Saturday, March 24, 2007

Trying nudism before you die

43things.com is a cool website with a "1,000 things to do before you die" theme. People contribute what they want to do, what they have done, get ideas from other people and share experiences.

Some people want to try nudism and others have already. I'm just browsing through the 43things website and so far it is fun.

I tried to contribute to one person's Thing: "my strange desire to visit a nudist colony"

Other people want to get nude on a nude beach, visit a nudist colony (nudist resort/campground) and others talk about positive experiences. Yet others want to go nude more, having tried it a liked it, and another has lived in a nudist resort.

Saturday, March 10, 2007

Nudist Myth Busting: Clothing is Required

Humans need clothing, don't they? Let's dispel the myth of clothing. A brief sampling of works by other authors makes it clear that living nude is more common than you may think.

In the recent and recommended book "The Complete Guide to Nudism and Naturism" by Liz and James Egger, the husband and wife nudist authors of 30 years provide some interesting facts and evidence why clothing is not a physical requirement for survival.

They point out that the natives in Tierra del Fuego in South America's southernmost region have lived nude in a climate with 43F (6C) degree average weather. Charles Darwin is among the people to document this.

The Egger's go on to say "The difference is that [the natives] had never felt the need for clothing, and so their bodies had adapted to the cold."

NUFF, the Naturist UK Fact File, is compiling a list of many existing and extinct nude cultures around the world. The list is surprising. Did you know that the peoples of the indigenous tribes of the Caribbean, the Caribs, were usually nude at the time of discovery by Christopher Colombus?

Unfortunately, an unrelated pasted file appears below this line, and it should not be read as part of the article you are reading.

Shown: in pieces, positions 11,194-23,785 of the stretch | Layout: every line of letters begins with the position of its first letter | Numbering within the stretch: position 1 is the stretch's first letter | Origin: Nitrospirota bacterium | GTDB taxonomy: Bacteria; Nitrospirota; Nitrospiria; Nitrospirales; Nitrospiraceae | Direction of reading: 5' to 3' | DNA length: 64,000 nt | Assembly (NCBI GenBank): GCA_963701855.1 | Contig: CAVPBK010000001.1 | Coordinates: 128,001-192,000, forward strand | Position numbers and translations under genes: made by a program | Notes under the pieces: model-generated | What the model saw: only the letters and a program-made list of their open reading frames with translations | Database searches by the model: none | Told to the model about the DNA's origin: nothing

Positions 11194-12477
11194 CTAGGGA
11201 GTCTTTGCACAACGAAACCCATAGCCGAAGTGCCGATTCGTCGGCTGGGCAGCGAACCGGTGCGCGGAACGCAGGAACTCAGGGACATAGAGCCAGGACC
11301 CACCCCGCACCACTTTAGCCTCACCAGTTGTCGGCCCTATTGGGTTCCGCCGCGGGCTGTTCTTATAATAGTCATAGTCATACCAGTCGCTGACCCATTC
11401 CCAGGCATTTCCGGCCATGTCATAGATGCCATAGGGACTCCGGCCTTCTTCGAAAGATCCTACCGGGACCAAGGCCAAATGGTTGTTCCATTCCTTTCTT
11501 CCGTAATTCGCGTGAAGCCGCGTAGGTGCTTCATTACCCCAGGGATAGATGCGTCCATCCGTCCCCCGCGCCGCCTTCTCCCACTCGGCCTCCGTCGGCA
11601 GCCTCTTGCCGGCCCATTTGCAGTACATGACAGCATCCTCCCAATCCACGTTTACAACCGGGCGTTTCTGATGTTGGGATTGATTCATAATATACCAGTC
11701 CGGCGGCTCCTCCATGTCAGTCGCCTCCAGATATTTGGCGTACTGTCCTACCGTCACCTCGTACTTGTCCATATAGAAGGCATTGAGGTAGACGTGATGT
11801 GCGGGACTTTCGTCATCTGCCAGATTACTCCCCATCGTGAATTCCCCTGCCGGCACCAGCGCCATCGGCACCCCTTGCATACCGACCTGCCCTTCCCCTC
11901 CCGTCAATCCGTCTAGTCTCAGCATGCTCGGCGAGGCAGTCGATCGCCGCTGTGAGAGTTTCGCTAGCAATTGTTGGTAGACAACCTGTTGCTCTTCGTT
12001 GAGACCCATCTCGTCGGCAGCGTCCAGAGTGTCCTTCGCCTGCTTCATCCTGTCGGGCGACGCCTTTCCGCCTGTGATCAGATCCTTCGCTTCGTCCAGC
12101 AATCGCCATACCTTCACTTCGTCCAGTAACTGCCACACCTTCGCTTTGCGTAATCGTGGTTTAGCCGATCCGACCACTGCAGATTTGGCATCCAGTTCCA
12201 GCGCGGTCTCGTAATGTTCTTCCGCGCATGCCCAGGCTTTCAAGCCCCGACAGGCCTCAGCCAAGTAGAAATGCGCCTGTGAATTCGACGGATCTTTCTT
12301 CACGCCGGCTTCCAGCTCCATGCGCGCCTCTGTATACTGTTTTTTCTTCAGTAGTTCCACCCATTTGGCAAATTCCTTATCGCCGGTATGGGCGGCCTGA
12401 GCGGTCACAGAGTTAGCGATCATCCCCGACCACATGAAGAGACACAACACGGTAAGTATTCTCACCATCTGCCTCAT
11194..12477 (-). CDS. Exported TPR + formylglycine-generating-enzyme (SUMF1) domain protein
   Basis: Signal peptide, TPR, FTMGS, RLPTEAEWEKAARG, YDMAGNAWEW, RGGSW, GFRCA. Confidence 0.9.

In a 1927 book entitled "Studies in the Psychology of Sex: Vol. 1" by Havelock Ellis, the author examines many cultures whose people do not normally cover themselves with fabric. The book is dated and relative, but points out many cultures where nudity has been the norm:

"The Mandurucu women of Brazil... are completely naked, but they are careful to avoid any postures which might be considered indecorous..."
"The semi-nude natives of the island of Nias in the Indian Ocean are "modest by nature," paying no attention to their own nudity or that of others,..."
And then there are cultures where clothing is restrictive:
"In [1927] England, the regulations of the Swimming Clubs affiliated to the Amateur Swimming Association, require that the male swimmer's costume shall extend not less than eight inches from the bifurcation downward, and that the female swimmer's costume shall extend to within not more than three inches from the knee."
Living naked is a way of life in many cultures. Myth busted.

Saturday, March 3, 2007

Clothing, nudists and the self

How does colored fabric change who we are? Researchers says clothing has an impact on how you perceive yourself.

In a University of Michigan study entitled "Clothing in the Self-System of Adolescents" (1997 - view), researchers explored the cultural impact of clothing in relation to the self during those developmentally important adoloescent years.

The researchers explain how clothing and the self are linked:

"If adolescents regard clothing as a tool for validation of the self or inclusion in social interaction through which the self can be established, they may value clothing more than other objects as part of the self. They may perceive clothing as central to the self and psychologically become linked to clothing. The centrality and psychological linkage of the person to clothing is what is meant by the psychological closeness or proximity of clothing to self."

What does this mean to nudists? Well, except for the lucky few who live on nudist resorts, most nudists I know wear clothing for work, for shopping, and even around the house. During these times, clothing may impact our self perception.

When we finally are in a nude, we have no fabric to define us. We have the freedom of our own skin.